In the retreats at Creston zendo, mealtimes are an essential aspect of spiritual training. The mealtime ceremony is called oryoki, which means “just enough”. Oryoki bowls are small — the largest contains only one-and-a-half cups. The size of the bowls is our first reminder to eat just enough to remain healthy, alert and strong.
“Just enough” changes with circumstance and to know how much is enough requires mindfulness. We have to be aware of changing conditions. Did we work hard outside before the meal, or did we sit at a table and catalogue library books? What’s the weather like? If it’s cold we need more calories to stay warm; if it’s hot we need less. Considering matters such as these, we decide how much food to put into our bowls. Zen masters recommend that we eat until we are two-thirds full. A Japanese proverb says that eight parts of a full stomach sustain the person; the other two parts sustain the doctor.
Before eating, we chant five thoughts. The first thought tells us to reflect on how the food got into our bowls. We generate gratitude for the sun, water and soil that nourished the seed, and the people who tended, picked, transported and prepared the meal. The second thought considers whether the life that the food will sustain has been used to benefit others. The third thought reminds us to be on guard against the arousal of greed. The fourth thought tells us that the main purpose for eating is to promote and sustain health, and the fifth asks us to remember that the primary purpose of human life is to realize enlightenment. Having directed our minds to these considerations, we begin our silent meal, mindful of the textures and tastes of the food as we chew and swallow.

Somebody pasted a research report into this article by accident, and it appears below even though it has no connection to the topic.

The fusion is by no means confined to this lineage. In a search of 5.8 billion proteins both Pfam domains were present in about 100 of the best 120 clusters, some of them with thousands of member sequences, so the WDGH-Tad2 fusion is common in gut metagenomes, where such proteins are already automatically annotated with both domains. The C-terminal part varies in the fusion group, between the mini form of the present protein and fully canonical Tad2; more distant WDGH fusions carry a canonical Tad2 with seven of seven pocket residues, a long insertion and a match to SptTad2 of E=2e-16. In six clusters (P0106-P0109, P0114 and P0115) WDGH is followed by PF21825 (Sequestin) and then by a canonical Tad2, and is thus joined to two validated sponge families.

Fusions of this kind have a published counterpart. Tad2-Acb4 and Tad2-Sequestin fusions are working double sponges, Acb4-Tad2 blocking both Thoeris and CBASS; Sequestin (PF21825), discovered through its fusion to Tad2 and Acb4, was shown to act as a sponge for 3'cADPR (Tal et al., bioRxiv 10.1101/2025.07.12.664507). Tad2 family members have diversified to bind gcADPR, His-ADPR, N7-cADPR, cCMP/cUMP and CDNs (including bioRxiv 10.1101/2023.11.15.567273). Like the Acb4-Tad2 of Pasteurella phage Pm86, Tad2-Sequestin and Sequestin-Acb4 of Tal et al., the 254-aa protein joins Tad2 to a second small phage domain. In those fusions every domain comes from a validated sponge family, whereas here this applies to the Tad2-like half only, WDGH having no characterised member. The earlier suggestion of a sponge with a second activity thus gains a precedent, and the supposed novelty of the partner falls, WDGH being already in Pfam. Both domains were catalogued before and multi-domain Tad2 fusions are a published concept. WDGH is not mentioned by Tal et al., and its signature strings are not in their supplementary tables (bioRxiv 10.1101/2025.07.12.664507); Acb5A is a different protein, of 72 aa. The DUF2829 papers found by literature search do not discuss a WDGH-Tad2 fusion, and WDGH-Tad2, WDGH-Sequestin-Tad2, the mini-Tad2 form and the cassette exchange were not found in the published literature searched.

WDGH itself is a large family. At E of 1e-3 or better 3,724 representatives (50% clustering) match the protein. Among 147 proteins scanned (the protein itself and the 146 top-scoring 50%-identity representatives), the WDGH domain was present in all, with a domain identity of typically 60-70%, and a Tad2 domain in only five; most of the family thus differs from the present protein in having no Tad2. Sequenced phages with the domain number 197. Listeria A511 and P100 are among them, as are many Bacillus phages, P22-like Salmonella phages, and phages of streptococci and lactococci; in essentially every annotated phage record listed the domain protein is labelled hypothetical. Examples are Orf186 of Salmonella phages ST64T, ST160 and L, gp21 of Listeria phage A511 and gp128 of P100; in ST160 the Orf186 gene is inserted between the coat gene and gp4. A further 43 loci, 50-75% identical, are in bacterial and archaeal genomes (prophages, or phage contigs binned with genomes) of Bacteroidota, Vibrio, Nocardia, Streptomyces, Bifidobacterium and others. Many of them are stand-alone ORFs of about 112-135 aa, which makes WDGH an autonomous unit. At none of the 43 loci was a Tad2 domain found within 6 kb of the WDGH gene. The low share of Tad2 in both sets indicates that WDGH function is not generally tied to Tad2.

An important aspect of mindful eating is to be fully aware when the meal is over. In our culture, we don’t have sayings that tell us the meal is over. We tend to sit at the table chatting and nibbling long after we eaten enough. In mindful eating, we avoid this mistake by reciting a meal closing verse. We remind ourselves of where we actually are: “The universe is as the boundless sky.” We remember that we have the capacity for enlightenment in the messiness of daily life: “As lotus blossoms above muddy waters, pure and beyond the world is the mind of the trainee.” And then we root ourselves in loving-kindness before returning to the work of the day: “Oh, sweet compassion! We take refuge in thee.” Then we leave the table and put away the food.
Suggested practice: Before you eat, look at the food and assess how much you need to be two-thirds full. Reflect: “I am eating this food for the good health of my body.” If your plate has been filled by another, remember that you are not a child. No one can make you clean your plate. Stop eating when you’ve had “just enough”.
Kuya Minogue is the resident teacher at Creston’s ZenWords Zen Centre. For more information, she can be reached at 250-428-6500.